The Oxford Handbook Of Medieval Christianity

Author : John H. Arnold
ISBN : 9780191015014
Genre : History
File Size : 26. 66 MB
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The Oxford Handbook of Medieval Christianity takes as its subject the beliefs, practices, and institutions of the Christian Church between 400 and 1500AD. It addresses topics ranging from early medieval monasticism to late medieval mysticism, from the material wealth of the Church to the spiritual exercises through which certain believers might attempt to improve their souls. Each chapter tells a story, but seeks also to ask how and why 'Christianity' took particular forms at particular moments in history, paying attention to both the spiritual and otherwordly aspects of religion, and the material and political contexts in which they were often embedded. This Handbook is a landmark academic collection that presents cutting-edge interpretive perspectives on medieval religion for a wide academic audience, drawing together thirty key scholars in the field from the United States, the UK, and Europe. Notably, the Handbook is arranged thematically, and focusses on an analytical, rather than narrative, approach, seeking to demonstrate the variety, change, and complexity of religion throughout this long period, and the numerous different ways in which modern scholarship can approach it. While providing a very wide-ranging view of the subject, it also offers an important agenda for further study in the field.

A Blessed Shore

Author : Alfred Thomas
ISBN : 080144568X
Genre : Literary Criticism
File Size : 45. 38 MB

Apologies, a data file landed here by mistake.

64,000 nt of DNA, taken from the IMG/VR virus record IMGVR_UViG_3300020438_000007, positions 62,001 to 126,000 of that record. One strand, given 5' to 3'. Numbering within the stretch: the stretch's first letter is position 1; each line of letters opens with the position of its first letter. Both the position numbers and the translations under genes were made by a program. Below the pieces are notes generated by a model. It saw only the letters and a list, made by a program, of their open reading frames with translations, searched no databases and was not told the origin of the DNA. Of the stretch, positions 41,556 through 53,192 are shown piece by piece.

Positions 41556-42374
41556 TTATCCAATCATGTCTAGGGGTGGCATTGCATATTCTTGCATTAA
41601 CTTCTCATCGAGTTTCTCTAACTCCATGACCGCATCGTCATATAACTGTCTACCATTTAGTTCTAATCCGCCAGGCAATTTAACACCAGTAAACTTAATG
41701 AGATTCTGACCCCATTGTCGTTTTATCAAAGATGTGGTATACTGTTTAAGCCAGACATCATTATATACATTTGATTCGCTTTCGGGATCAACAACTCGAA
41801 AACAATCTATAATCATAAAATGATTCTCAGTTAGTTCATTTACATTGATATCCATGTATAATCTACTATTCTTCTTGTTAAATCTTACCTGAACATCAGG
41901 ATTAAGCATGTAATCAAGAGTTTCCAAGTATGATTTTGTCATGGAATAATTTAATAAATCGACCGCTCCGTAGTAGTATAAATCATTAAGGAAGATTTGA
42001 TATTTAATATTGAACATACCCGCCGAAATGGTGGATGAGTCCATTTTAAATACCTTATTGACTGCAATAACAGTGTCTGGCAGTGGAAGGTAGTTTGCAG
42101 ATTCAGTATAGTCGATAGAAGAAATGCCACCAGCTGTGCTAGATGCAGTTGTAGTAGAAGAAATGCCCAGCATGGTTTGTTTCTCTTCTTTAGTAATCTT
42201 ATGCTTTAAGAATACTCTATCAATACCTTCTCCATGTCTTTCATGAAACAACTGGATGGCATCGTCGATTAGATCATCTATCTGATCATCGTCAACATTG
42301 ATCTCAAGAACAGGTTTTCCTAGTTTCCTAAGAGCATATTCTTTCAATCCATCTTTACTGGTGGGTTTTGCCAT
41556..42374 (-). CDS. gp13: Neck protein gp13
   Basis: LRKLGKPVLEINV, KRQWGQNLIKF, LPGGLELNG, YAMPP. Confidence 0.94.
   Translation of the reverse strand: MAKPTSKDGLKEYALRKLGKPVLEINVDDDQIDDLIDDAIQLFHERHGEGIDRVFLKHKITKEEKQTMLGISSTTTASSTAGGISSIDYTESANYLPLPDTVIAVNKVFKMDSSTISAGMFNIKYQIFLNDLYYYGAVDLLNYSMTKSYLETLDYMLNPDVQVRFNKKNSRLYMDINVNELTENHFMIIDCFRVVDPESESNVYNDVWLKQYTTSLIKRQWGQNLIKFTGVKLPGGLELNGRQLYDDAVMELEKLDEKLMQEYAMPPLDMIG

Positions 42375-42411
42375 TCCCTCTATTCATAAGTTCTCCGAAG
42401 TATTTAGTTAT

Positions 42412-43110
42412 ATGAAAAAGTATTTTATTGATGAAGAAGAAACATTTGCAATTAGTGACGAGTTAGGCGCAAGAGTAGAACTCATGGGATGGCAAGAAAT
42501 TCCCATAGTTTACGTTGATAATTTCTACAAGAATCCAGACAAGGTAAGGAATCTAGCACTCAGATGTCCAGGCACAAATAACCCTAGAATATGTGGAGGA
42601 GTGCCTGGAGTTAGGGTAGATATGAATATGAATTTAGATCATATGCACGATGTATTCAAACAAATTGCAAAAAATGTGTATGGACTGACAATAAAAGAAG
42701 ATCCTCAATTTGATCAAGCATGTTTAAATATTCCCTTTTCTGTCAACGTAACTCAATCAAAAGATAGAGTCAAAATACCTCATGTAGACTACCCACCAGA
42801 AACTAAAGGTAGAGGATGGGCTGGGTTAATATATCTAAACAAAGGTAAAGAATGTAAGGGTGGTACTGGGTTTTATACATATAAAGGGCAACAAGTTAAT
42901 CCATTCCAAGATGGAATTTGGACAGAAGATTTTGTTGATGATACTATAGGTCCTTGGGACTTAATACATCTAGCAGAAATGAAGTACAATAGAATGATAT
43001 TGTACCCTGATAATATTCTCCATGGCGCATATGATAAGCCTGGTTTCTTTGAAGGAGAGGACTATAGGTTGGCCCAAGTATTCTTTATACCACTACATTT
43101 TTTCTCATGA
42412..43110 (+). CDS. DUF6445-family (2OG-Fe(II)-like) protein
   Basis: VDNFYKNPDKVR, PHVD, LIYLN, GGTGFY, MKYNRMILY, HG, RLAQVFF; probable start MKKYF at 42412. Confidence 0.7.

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"Although Thomas gives original readings of famous English texts by Chaucer and Shakespeare, this is also a book about Czech writers and travelers; one Czech expatriate, Anne of Bohemia, became Queen of England. For both countries these were decades of religious and dynastic turbulence, and Thomas's analyses of the relations between Wyclif and Hus, Lollards and Hussites, help us to understand why Bohemia was viewed as an almost utopian land of refuge ("a blessed shore" on which a ship might wash up) for persecuted English men and women. Of particular interest is his analysis of the ways in which English court culture emulated that of Prague, which was an imperial seat at a time when England was still a peripheral place with little influence on the heart of Europe.

Strangers In Blood

Author : Jean E. Feerick
ISBN : 9781442660083
Genre : History
File Size : 75. 77 MB
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Strangers in Blood explores, in a range of early modern literature, the association between migration to foreign lands and the moral and physical degeneration of individuals. Arguing that, in early modern discourse, the concept of race was primarily linked with notions of bloodline, lineage, and genealogy rather than with skin colour and ethnicity, Jean E. Feerick establishes that the characterization of settler communities as subject to degenerative decline constituted a massive challenge to the fixed system of blood that had hitherto underpinned the English social hierarchy. Considering contexts as diverse as Ireland, Virginia, and the West Indies, Strangers in Blood tracks the widespread cultural concern that moving out of England would adversely affect the temper and complexion of the displaced individual, changes that could be fought only through willed acts of self-discipline. In emphasizing the decline of blood as found at the centre of colonial narratives, Feerick illustrates the unwitting disassembling of one racial system and the creation of another.